Published: 2023-09-17 13:13
Last Updated: 2023-09-24 15:39
A week after a wall of water rushed through the Libyan coastal city of Derna, sweeping thousands to their deaths, the focus turned Sunday to caring for survivors of the disaster.
Estimates of the number of lives lost vary widely.
The most recent official death toll, from the health minister of the eastern-based administration, Othman Abdeljalil, is that 3,166 people were killed.
But according to a United Nations report released on Sunday, the toll from Derna alone has risen to 11,300.
Citing the Libyan Red Crescent, the UN Office for the Coordination of Humanitarian Affairs added that another 10,100 people were still missing in the devastated city.
"These figures are expected to rise in the coming days and weeks as search-and-rescue crews work tirelessly to find survivors," the OCHA report said.
Aid is now arriving in the North African country as the world mobilizes to help emergency services cope with the aftermath of the deadly flood.
At least 40,000 people have been displaced across northeastern Libya, according to the International Organization for Migration, which cautioned the actual number is likely higher given the difficulty accessing the worst-affected areas.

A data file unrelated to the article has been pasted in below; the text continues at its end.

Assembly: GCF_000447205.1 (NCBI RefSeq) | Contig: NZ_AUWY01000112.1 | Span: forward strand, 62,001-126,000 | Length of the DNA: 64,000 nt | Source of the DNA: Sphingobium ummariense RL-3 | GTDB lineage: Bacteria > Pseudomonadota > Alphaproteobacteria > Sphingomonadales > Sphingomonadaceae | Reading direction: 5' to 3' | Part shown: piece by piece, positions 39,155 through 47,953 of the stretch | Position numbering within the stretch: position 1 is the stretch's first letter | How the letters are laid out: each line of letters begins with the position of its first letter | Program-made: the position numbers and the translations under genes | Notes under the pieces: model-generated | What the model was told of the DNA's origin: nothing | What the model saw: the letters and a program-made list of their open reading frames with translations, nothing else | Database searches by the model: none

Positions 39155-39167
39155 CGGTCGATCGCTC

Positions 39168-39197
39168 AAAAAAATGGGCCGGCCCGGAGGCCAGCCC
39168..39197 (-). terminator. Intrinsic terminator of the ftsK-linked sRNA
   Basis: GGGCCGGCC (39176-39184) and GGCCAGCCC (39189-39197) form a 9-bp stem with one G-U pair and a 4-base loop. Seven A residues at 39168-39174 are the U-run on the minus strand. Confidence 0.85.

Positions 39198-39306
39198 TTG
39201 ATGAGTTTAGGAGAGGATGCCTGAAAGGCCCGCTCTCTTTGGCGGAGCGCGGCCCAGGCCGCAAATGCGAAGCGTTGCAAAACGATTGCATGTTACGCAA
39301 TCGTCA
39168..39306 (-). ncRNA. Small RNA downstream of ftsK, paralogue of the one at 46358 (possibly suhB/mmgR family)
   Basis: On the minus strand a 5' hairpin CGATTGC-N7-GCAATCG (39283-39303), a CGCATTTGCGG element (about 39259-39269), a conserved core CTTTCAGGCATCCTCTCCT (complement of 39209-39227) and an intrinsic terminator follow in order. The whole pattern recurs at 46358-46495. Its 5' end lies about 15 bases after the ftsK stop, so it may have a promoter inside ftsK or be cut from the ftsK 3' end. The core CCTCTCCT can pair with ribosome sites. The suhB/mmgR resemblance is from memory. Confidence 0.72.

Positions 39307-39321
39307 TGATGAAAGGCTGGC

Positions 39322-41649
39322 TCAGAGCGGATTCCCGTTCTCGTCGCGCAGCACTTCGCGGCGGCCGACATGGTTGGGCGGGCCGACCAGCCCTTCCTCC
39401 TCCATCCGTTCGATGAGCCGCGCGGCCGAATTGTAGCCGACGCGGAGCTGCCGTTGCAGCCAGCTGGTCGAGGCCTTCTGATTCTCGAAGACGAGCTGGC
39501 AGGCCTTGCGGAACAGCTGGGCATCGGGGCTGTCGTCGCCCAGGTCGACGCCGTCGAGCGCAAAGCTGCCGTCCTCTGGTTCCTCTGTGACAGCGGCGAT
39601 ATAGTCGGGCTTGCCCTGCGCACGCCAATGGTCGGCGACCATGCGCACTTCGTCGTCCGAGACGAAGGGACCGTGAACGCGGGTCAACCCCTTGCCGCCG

Two dams upstream from Derna burst a week ago under the pressure of torrential rains from the hurricane-strength Storm Daniel.
The dams had been built to protect the port city of 100,000 people after it was hit by significant flooding in the mid-20th century.
The banks of a dried riverbed or wadi running through the city center had been heavily built on, and last week's torrent swept everything before it as it rushed towards the Mediterranean.
A week on, bodies are still being found.
A rescue crew from Malta's Civil Protection Department discovered a beach strewn with dead bodies on Friday, the Times of Malta newspaper reported.
International aid is arriving from the United Nations, Europe and the Middle East, offering some relief to the thousands of survivors.
The aid includes essential medicines and emergency surgical supplies, as well as body bags to allow corpses to be moved.
Tents, blankets, carpets, hygiene kits and food have been flown in, along with heavy machinery to help clear the debris.